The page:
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This LA Photographer Captures the City’s Most Intimate Moments

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Since its very beginnings, art has provided viewers inside looks at intimate moments. Be it a reflective self-portrait or a scene backstage, far from the audience. LA-based photographer Wednesday Aja takes a similar approach to the medium, capturing scenes that inspire a second, deeper glance. “I’ve always loved documenting my world. And photography is a way for me to explore other worlds, too” she says. Born in East LA, the UCLA grad has also lived in NoCal, Austin, Texas, and Paris. Now, she resides by the beach in Orange County, but her work, which showcases drag, burlesque, and circus performers, takes her all over the city.

In DTLA, visitors can see Aja’s photos here on the walls at Hotel Figueroa, where she’s our second Featured Artist of 2019. We caught up with Aja to learn more about her unique take on photography.

When did you first start taking photos?

I was about eight. I would dress up my baby brother in my old party dresses, and I had a large collection of great costume jewelry from my grandma—rhinestones and scarves, cocktail rings. Those are my first drag portraits.

Much of your photography is in black-and-white. How do you decide whether an image or series will be in color or in black-and-white?

There is something very emotionally evocative about black and white. It has a timeless quality that I love. I like that you can’t necessarily tell where or when in history my images were made… maybe they were taken last week, or maybe they were taken 30, 40 years ago…Color is wonderful, and sometimes the subject really wants to be in color, but it also tethers the image a bit to a time in history.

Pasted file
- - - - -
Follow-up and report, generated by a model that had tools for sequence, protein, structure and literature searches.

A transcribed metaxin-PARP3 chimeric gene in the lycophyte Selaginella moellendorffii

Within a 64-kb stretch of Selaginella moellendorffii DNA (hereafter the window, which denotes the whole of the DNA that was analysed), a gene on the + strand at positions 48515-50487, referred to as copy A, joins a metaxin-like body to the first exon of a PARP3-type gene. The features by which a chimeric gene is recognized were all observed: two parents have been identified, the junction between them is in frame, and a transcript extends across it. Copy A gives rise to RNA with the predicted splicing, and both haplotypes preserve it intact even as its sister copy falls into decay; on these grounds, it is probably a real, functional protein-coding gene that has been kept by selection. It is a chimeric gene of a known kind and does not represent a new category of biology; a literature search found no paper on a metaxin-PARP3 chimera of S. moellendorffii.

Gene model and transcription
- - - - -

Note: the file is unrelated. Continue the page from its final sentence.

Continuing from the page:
You’ve focused on drag, burlesque and circus performers, all with fabulous costumes. What are you hoping viewers take away from seeing these subcultures of entertainers?

The same thing the performers want, I suspect: to offer a moment of fancy, fantasy and escapism.

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Your photos often capture the entertainers in intimate or behind-the-scenes moments. What draws you to show these hidden moments?

These are my favorite moments… the private world that the audience doesn’t see. Those moments of reflection, and anticipation.

Ten years ago, cis-straight individuals might have never seen a drag queen. Today, Rupaul’s Drag Race is on national TV, and even straight people show up to drag brunches. Has this evolution changed how you seek to capture drag culture?

Ten years ago I shared a taxi in Paris with Ru Paul. He told me about a new drag competition show he was getting ready to film. I wished him luck. Who knew that he would change the world of drag? Today, drag queens are like Disney princesses: kid love them, young girls look to them for fashion tips, and everybody wants to take a selfie with them. I can find a drag show, even in Orange County, 3 times a week. I love watching the performances, but now I try to get to know the drag queens, make a more personal connection, and shoot them at their homes or backstage. I’m also looking for drag queens or kings who have a different take on the genre.

On the flip side, minorities of all stripes are facing increased threats under the current political climate. Does that affect how you decide who to photograph and how to photograph them?

I photograph people who want to be seen. I’m not out to exploit anyone or make anyone uncomfortable.

Discover More

Aja’s works are now on view at Hotel Figueroa through June, and you can learn more about her online, plus follow along with her updates on Instagram.

We’re continually inspired by the creative energy of Downtown Los Angeles. For local recommendations—and to hear from the diverse individuals who make DTLA what it is today—head to our Meet You Downtown blog.

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